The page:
By Robert L. Scheier
What do Apple’s manufacturing process and the global sourcing of IT and BP have in common? They both go far beyond cost cutting to speed, best practices, and agility in meeting customers’ needs.
I got thinking about this reading the New York Times excellent story on why Apple, while designing and marketing its hit consumer devices in the U.S., manufactures them almost exclusively in Asia. Cost is, of course, central to its reasoning.
But even if consumers were willing to pay more for a Made in the U.S.A. iPhone or iPad, sources told the Times, Apple couldn’t get the speed or flexibility it needs to flood the market with its must-have goodies before competitors can catch up. “It isn’t just that workers are cheaper abroad,” the Times wrote.
“Rather, Apple’s executives believe the vast scale of overseas factories as well as the flexibility, diligence and industrial skills of foreign workers have so outpaced their American counterparts that “Made in the U.S.A.” is no longer a viable option for most Apple products.”
Consider a last-minute screen design to eliminate scratches. According to the Times story, a contract manufacturer roused 8,000 workers from its dormitories to fit the just-arrived screens into the phones. “Each employee was given a biscuit and a cup of tea, guided to a workstation and within half an hour started a 12-hour shift fitting glass screens into beveled frames,” the Times wrote. “Within 96 hours, the plant was producing over 10,000 iPhones a day.” It’s hard to imagine workers in North America putting up with that, at least without overtime rates that would skyrocket prices and/or ravage profits.
Then there is the amount of skilled manpower Apple needs. Again according to the Times, Apple executives estimated that in the U.S. it would take nine months to find the 8,700 industrial engineers needed to ramp up iPhone production as quickly as it needed. “In China, it took 15 days.”
As long as customers want the best products or services most quickly at the lowest possible cost, companies that sell to them will need that kind of agility and scalability. Which brings us to the global sourcing of services.
In BPO and ITO, as in contract manufacturing, low cost is the assumed price of entry. But especially as the outsourcing market matures, the conversation quickly turns to flexibility, agility and skills, especially in specific vertical markets or technologies such as business analytics.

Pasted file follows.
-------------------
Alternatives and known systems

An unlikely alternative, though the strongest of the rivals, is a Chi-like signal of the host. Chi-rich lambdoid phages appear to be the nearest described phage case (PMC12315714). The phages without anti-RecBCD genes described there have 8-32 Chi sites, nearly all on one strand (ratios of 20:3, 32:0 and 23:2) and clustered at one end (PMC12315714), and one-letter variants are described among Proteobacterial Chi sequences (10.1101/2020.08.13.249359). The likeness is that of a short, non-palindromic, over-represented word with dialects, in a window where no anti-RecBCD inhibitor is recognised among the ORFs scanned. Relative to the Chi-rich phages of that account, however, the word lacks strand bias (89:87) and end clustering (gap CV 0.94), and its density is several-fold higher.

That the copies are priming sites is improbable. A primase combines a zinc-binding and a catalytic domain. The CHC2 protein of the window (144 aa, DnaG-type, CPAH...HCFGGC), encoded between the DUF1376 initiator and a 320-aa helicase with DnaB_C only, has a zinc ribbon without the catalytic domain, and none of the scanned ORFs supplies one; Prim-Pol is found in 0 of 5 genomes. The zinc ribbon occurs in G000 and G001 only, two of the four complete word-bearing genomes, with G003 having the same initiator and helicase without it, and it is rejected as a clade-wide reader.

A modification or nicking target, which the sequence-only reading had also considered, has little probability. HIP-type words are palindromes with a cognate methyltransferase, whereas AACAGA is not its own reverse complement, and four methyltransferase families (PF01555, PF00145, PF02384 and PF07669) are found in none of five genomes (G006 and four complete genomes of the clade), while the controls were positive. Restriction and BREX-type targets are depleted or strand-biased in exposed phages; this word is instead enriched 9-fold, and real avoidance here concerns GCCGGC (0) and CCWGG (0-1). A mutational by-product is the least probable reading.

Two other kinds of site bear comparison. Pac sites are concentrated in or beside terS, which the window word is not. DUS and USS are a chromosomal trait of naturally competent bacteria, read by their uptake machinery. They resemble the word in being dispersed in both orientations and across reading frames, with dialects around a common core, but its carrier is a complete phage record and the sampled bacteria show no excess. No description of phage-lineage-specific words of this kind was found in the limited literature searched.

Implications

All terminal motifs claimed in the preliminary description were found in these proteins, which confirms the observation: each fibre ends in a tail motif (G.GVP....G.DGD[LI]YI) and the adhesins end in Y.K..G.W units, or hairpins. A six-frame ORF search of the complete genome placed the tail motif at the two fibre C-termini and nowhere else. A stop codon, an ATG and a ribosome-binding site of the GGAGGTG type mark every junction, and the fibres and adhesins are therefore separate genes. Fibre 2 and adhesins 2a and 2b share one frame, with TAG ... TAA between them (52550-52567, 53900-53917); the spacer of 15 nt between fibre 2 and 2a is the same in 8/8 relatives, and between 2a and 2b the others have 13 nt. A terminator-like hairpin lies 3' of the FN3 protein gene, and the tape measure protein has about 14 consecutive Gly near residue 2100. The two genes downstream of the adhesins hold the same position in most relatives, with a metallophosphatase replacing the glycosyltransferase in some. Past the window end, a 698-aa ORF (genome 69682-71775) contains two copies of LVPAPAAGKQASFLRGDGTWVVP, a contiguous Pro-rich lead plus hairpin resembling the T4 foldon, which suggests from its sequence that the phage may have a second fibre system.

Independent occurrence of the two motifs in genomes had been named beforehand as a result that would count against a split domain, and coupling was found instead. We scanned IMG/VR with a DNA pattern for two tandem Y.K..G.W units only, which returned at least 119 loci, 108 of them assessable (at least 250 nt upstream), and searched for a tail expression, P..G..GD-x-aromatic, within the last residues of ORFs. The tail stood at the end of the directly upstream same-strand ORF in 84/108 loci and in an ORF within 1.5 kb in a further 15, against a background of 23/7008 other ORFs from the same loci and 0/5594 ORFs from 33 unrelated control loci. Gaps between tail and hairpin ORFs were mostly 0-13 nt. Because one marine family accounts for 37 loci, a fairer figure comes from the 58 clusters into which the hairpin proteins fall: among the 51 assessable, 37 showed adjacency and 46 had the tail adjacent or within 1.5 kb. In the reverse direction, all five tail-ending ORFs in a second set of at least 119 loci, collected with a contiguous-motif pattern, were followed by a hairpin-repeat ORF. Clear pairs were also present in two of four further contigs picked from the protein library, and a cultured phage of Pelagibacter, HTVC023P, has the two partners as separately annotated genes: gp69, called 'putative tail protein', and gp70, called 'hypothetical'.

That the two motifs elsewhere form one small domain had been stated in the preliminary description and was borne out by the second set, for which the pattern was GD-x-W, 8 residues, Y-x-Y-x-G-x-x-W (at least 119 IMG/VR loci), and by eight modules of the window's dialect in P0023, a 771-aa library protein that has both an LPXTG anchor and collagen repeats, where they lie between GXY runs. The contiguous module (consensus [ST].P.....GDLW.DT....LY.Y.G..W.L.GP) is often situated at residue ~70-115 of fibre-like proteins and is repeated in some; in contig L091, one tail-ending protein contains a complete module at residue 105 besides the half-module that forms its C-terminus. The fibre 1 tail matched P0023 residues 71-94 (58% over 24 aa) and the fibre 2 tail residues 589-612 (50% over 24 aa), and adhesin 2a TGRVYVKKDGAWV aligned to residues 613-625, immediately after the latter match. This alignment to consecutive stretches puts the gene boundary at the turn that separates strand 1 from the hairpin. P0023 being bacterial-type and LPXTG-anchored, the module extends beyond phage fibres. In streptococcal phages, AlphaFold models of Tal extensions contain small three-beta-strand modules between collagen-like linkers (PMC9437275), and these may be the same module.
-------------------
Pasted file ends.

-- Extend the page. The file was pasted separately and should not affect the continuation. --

For different needs, that might mean turning to different geographies. For sheer numbers of developers or test staff, for example, India might be best. For cultural or time-zone proximity, a Nearshore facility might do the trick. Because a lot of customers can’t predict what they will need when, the answer is some sort of shared services or global services model with skilled staff on-hand when needed in multiple geographies.
Smart providers and customers are already there, and moving up the value chain beyond mere cost-cutting. In their recent article Shared Services: Savings Alone is so Yesterday, for example, Rick
Bertheaud and Stan Lepeak of KPMG argue that “…more mature organizations are looking beyond simple cost savings” as they move to a mixed internal and outsourced service model. “They seek strategic benefits such as (the) ability to support the growth agenda, e.g., integrating acquisitions, accelerating technology and policy deployment, and enabling innovation into services and business processes.”
After the “the first wave of labor arbitrage (cost savings) and process improvement benefits,” they write, “Continued cost savings come from additional levers such as process standardization, integration of technology and improvement of capital structures.”
More than half of the attendees at Everest Group’s “2012 Global Service Market Predictions” webinar in mid-January said they see global services “as a strategy for managing unpredictability and risk,” meaning it’s a way to adjust to unpredictable spikes in customer demand (or new requirements like that scratch-free screen). And in the Finance and Accounting Space, the consulting firm said that “While cost arbitrage continues to be a key driver, the real buyer expectation…now is to transform processes toward best-in-class performance.”
The good news is that specialized skills, process discipline, and expertise in specific vertical markets and technology don’t grow on trees. There’s room for service providers, and for employees both onshore and offshore, who focus on delivering “transformative” value rather than only low prices.